How to reset WordPress password from MySQL

wordpress_logo_password

WordPress is perhaps the most popular and used CMS (Content Management System) in the world, and grew from a small project open source until today it is found in around 29% of all websites on the web and has more than 45.000 plugins. That is why almost all of us think of him when it comes to start with a blog or even a website, since at this point we can say that the ease it offers for all kinds of projects on the net is well proven.

Of course, beyond its ease of use, it is normal that from time to time we may run into some inconvenience, for example forgetting the access password. And although of course we have methods to reset it (through the 'I forgot my password' link) we may have lost access to the email account with which we registered. So let's show how to reset our WordPress password from the MySQL command line.

The procedure is not complex at all and consists of a few steps, namely:

First we create a version of our password with MD5 hash, which will be assigned to our account through the following command (we replace «new password» with the one we are going to use:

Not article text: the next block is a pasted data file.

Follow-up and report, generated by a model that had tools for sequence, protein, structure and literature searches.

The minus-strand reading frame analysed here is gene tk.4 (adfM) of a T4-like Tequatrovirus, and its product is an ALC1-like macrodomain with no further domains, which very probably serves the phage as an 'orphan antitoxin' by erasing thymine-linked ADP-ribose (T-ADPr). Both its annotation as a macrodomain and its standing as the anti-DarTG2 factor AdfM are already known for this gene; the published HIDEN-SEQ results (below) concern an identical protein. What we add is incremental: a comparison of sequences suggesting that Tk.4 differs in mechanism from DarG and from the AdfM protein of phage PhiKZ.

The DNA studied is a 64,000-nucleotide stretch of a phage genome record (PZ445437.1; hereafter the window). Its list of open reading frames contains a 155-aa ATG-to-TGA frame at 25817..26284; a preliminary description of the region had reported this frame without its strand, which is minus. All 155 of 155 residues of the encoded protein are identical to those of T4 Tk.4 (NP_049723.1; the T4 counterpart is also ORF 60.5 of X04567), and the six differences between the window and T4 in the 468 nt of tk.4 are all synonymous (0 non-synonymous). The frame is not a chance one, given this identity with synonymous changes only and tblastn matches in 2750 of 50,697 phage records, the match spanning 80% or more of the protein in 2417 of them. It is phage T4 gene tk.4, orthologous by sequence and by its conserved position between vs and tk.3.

#echo -n "newpassword" | md5sum

We will be given a code of the type e7018eb9d78e02ae40beeeacef203c1a, which we must copy. After this we have to access our MySQL server as root:

#mysql -u root -p

We execute the following command, to select the WordPress database (if we are not using the default name, change it to the appropriate one):

use wordpress;

Now we are going to obtain the ID, login name and password of the account that we need to modify:

SELECT ID, user_login, user_pass FROM wp_users;

Again, wp_users is the generic name with which WordPress creates the tables, but if at the time of installation we have opted for a custom one, we will need to change it to the one we have chosen.

Now let's change Password, and for this we take due note of the user ID that we have obtained in the previous step (for our case, we are going to assume that it is 12) and we enter the password obtained at the beginning of everything, with the MD5 hash:

UPDATE wp_users SET user_pass = «e7018eb9d78e02ae40beeeacef203c1a»WHERE ID = 12;

That's all, if we now run the command again:

SELECT ID, user_login, user_pass FROM wp_users WHERE ID = 12;

We will see that the password is no longer the same as before, and that it has indeed been modified.


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  1.   Joseph Garcia said

    Or you can do from mysql:

    update wp_users set user_pass = MD5 ('NEW_PASSWORD') where ID = 12;